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Aran Inspired

Kilbeggan Distillery / Locke's Distillery

Kilbeggan Distillery, also known as Locke's Distillery, is located in the small town of Kilbeggan, County Westmeath, just off the main route from Galway to Dublin. It claims to be the world’s oldest licensed whiskey distillery. The distillery produced Irish malt whiskey from 1757 until 1954. Reopened in 1982 as a visitor attraction and museum, 85% of the original machinery remains intact.

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Kilmore Quay

Perhaps the most striking and visually pleasing thing you’ll notice about the village of Kilmore Quay is the abundance of 18th and 19th century whitewashed cottages, replete with thatched roofs – many of which are available for rental. While the atmosphere here is peaceful and rural, you’ll find plenty of enriching and inspiring ways to spend your visit. The Quay is the center of village life – here you can shop for locally created Irish crafts and art, and participate in events such as the annual seafood festival, held each July.

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Ulster American Folk Park

To fully experience Irish life as it was in the late 1800s and early 1900s, visit this extremely popular outdoor attraction. As soon as you enter, you’ll be immersed in this turbulent period of Irish history. You’ll see demonstrators dressed in period costumes and engaged in daily activities such as weaving, spinning and forging, or baking bread on peat fires. At the middle of the park sits an old whitewashed cottage, currently serving as a museum. This is the ancestral home of Thomas Mellon, born in 1813.

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Lynch's Castle

This Town Castle is Galway's best example of a fortified house, built by the prosperous Lynch family in the 16th century as protection from the raids of the chieftains of the 14 Tribes. Spanish decorative motifs are visible on its stones, along with decorative windows and the Lynch family coat of Arms. The Lynches were a wealthy family, many of whom served as Galway mayor.

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Strokestown Park House and Famine Museum

At first glance, the Strokestown Park House looks like most other 18th century Irish estates. But when you enter this house – the world that the Pakenham Mahon family lived in from 1600 until 1979 – you’ll notice a marked difference.  For three centuries, family members have lived and died here, and an amazing number of original possessions remain on the property and available for inspection. This creates a sense of family continuity that makes a visit to the estate special. The children’s area exhibits are especially poignant, featuring items such as 1930’s copybooks filled with notes and a variety of children’s toys.

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Monaghan County Museum

Considered one of the finest in Ireland, the Monaghan County Museum houses a vast collection of exhibits, ranging from megalithic artifacts to contemporary art. Winner of both the National and European Museum Awards in 1980, it serves the county and the entire country as a preservation site for many treasures. Visitors come here from all over the world to see the Cross of Clogher, a religious relic made of bronze that dates from the 15th century.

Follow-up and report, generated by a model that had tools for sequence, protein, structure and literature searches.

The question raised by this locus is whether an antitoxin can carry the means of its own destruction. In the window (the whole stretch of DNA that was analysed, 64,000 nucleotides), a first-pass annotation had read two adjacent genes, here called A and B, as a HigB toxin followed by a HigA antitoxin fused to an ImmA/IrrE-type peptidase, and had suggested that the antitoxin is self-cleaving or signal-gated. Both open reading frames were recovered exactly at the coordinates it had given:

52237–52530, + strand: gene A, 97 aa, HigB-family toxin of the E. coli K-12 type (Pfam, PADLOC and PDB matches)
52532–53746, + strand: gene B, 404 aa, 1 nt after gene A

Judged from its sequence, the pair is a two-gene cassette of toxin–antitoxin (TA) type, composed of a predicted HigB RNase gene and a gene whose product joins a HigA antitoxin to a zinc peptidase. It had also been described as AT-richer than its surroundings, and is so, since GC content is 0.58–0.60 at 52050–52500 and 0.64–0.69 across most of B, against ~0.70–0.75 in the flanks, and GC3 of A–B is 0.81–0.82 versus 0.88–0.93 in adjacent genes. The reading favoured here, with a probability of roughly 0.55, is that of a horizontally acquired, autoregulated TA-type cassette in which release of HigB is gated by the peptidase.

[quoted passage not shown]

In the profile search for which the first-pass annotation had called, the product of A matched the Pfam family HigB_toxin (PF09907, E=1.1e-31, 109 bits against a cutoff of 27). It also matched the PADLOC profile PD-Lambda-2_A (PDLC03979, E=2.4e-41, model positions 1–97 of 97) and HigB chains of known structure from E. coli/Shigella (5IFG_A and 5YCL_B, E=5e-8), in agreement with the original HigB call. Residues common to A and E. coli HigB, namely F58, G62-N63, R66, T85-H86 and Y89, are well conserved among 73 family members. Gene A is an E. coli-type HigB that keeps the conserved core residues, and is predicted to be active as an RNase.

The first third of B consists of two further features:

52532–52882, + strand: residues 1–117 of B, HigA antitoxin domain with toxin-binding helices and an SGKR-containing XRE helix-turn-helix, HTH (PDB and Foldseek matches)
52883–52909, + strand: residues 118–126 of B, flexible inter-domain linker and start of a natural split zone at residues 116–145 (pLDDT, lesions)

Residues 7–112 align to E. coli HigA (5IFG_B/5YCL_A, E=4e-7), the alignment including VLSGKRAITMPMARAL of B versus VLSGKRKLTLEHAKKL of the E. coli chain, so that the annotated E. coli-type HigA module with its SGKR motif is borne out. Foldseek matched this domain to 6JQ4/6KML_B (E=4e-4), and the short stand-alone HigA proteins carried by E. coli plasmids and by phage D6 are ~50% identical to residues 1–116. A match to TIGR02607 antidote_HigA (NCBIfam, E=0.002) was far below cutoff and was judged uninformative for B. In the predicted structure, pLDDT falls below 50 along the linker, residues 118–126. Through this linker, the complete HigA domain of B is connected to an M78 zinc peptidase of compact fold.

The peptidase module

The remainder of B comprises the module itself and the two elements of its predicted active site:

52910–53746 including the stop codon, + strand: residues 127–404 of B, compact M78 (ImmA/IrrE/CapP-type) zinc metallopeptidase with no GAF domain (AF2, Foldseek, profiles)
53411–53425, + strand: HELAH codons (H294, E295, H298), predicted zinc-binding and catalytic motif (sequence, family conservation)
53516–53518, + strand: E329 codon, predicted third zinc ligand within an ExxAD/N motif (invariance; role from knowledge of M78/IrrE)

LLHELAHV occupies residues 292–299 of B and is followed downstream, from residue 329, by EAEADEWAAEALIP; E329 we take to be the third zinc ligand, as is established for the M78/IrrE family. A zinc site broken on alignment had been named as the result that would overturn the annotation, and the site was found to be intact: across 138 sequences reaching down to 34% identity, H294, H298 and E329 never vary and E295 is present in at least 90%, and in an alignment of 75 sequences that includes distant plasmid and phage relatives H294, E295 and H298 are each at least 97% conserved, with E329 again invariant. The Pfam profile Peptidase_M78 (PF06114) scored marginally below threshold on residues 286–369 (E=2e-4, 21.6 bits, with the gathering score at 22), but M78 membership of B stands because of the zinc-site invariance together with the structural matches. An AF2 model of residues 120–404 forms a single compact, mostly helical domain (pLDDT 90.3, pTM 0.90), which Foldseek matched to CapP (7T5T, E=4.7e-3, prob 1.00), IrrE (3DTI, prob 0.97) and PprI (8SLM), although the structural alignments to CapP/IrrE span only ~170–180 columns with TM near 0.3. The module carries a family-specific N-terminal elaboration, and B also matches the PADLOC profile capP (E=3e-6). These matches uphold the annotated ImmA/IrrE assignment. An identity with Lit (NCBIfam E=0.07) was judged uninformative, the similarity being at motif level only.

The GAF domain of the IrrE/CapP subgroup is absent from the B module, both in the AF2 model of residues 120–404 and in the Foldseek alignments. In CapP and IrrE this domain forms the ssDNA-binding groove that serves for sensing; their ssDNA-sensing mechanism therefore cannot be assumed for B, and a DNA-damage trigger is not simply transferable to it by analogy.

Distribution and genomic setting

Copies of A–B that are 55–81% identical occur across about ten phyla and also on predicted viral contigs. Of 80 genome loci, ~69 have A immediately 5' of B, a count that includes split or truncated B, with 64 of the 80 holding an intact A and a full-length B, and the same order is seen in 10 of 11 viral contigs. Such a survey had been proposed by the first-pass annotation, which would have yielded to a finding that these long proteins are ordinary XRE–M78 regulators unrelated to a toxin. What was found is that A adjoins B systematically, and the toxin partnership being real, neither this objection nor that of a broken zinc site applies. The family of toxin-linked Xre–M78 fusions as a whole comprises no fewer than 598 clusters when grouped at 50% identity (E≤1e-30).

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Carrigglas Manor House

This striking, gothic style manor house made from attractive blue-gray limestone was built in 1837 by Thomas Lefroy, and to this day has remained within the Lefroy family. To visit Carriglas is to experience firsthand the charm of gracious country living in this part of Ireland, as it was in the 19th century. Thomas Lefroy was romantically linked to the author Jane Austen, and many believe that he was the inspiration for the character Mr. Darcy in her novel, Pride and Prejudice.

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Lough Gur Stone Age Centre

Lough Gur is widely renowned as one of Western Europe’s important archeological centres. Humans have continuously inhabited this area ever since the Neolithic Age, and many treasures were discovered on the shores when the lake level was lowered in the 1800s. The exhibit items and presentations you’ll see here illuminate the story of humanity in this region over a period of nearly 5,000 years.

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Sliabh An Iarainn Visitor Centre

This Heritage Centre, located in the Sliabh An Iarainn and Arigna mountains, gathers a variety of cultural exhibits under one roof. Here you can learn about the institutions and industries important to the local people over the years – specifically iron and coal mining, the lakes and canals, and the Cavan & Leitrim Railway. An impressive audiovisual presentation lays out the historical background of the area, and gives the viewer a sense of the area’s unique beauty.

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Dunmore Cave

This unique and interesting series of caverns in the limestone hills near Kilkenny City was designated as a national monument in 1940, but has been known to man since at least the 9th century and formed over a period of perhaps millions of years. It stands on Castlecomer plateau above the Dinin River Valley and contains some of the largest and most widely recognized calcite formations in all of Europe and certainly in all of Ireland.

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